Oh and, in leveraging last month's K1999 ARTS2 file, I realized that I somehow had entered the liftoff weight in kg rather than lbs.  The above motor performance reflects accurate liftoff lubs and appears reasonable. I'll also correct the K1999 data below.

Sunday, February 3, 2013

Plaster City launch report for Feb/2013

Reporting the day after the launch?  Unheard of yet so very true!  Here are all my select photos from yesterday.  Oh and it's [not at all] hilarious now but I managed to forget my motor casings, bottled water, and K1999 liner yesterday!  Packing FAIL. Rectification required.
     Despite the weather predictions... we again enjoyed windless flying conditions in the Imperial Desert with clouds materializing only later in the day.  I seek to fly as many motors of interest in this life and yesterday ticked another off my bucket list with a CTI 614I100 Red Thunder long-burn in the reliable Polecat Aerospace 4" V2.  I forewent video so here's the record of photons sequestered:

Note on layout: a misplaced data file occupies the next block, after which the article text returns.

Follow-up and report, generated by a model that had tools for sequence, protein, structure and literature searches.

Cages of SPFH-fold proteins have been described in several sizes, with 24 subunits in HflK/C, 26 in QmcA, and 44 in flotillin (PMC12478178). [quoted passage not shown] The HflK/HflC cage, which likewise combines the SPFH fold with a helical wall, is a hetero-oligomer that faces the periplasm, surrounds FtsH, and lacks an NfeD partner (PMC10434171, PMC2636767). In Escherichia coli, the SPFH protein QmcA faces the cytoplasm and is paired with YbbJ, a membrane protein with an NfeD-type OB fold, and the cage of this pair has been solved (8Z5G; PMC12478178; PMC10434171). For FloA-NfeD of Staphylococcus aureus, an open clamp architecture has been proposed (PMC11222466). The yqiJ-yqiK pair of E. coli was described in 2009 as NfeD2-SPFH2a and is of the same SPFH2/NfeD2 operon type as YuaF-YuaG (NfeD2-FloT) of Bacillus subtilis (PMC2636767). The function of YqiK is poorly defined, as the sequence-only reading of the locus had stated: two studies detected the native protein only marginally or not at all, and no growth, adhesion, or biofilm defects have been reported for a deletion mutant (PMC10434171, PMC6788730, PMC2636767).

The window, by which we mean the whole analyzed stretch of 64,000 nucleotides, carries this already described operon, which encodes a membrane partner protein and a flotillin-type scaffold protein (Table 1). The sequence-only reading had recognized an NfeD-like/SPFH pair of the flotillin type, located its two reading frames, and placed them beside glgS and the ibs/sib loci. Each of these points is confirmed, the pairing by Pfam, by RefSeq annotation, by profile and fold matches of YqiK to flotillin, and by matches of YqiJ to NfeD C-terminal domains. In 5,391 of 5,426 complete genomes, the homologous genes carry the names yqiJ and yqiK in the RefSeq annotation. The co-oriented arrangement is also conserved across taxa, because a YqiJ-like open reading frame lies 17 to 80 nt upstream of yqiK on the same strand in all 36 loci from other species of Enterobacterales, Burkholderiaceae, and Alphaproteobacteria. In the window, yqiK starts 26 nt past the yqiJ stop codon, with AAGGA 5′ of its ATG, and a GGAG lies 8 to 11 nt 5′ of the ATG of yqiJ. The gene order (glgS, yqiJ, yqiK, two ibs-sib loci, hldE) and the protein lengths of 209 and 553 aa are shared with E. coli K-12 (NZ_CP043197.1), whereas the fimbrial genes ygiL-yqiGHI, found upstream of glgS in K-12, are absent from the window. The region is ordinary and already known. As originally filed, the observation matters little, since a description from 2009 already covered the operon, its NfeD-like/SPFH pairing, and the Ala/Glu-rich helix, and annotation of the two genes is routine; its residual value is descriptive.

You'll note that the liner started to burn through but my new Pro54 3G casing remained unscathed. Here's the Altimeter Two data:
Peak Altitude (baro)4,491'
Peak Velocity301 MPH
Motor Burn Time4.0s (2s short!)
Peak Acceleration16.5 gees
Average Acceleration3.5 gees
Coast Time14.8s (long by 3s)
Apogee-to-Eject-11.2 s (?)
Peak Altitude (accel)2,642' (?)
Descent rate7 MPH
Flight Duration262.6s
Created with the HTML Table Generator

Next up was my scratch-built Em-Sem-Fity on an AT 2540K1999 Warp9 reload.  Jack kindly loaned a casing to me yet there's still something missing... oh yeah it's the friggin' phenolic liner resting comfortably in my downstairs closet!  I remedied this buy buying an AT K458 White Lightning reload, used that liner yesterday, and will use the K1999 liner next time.  Here I'm about to shot-put .. I mean load up the "coffee can" motor: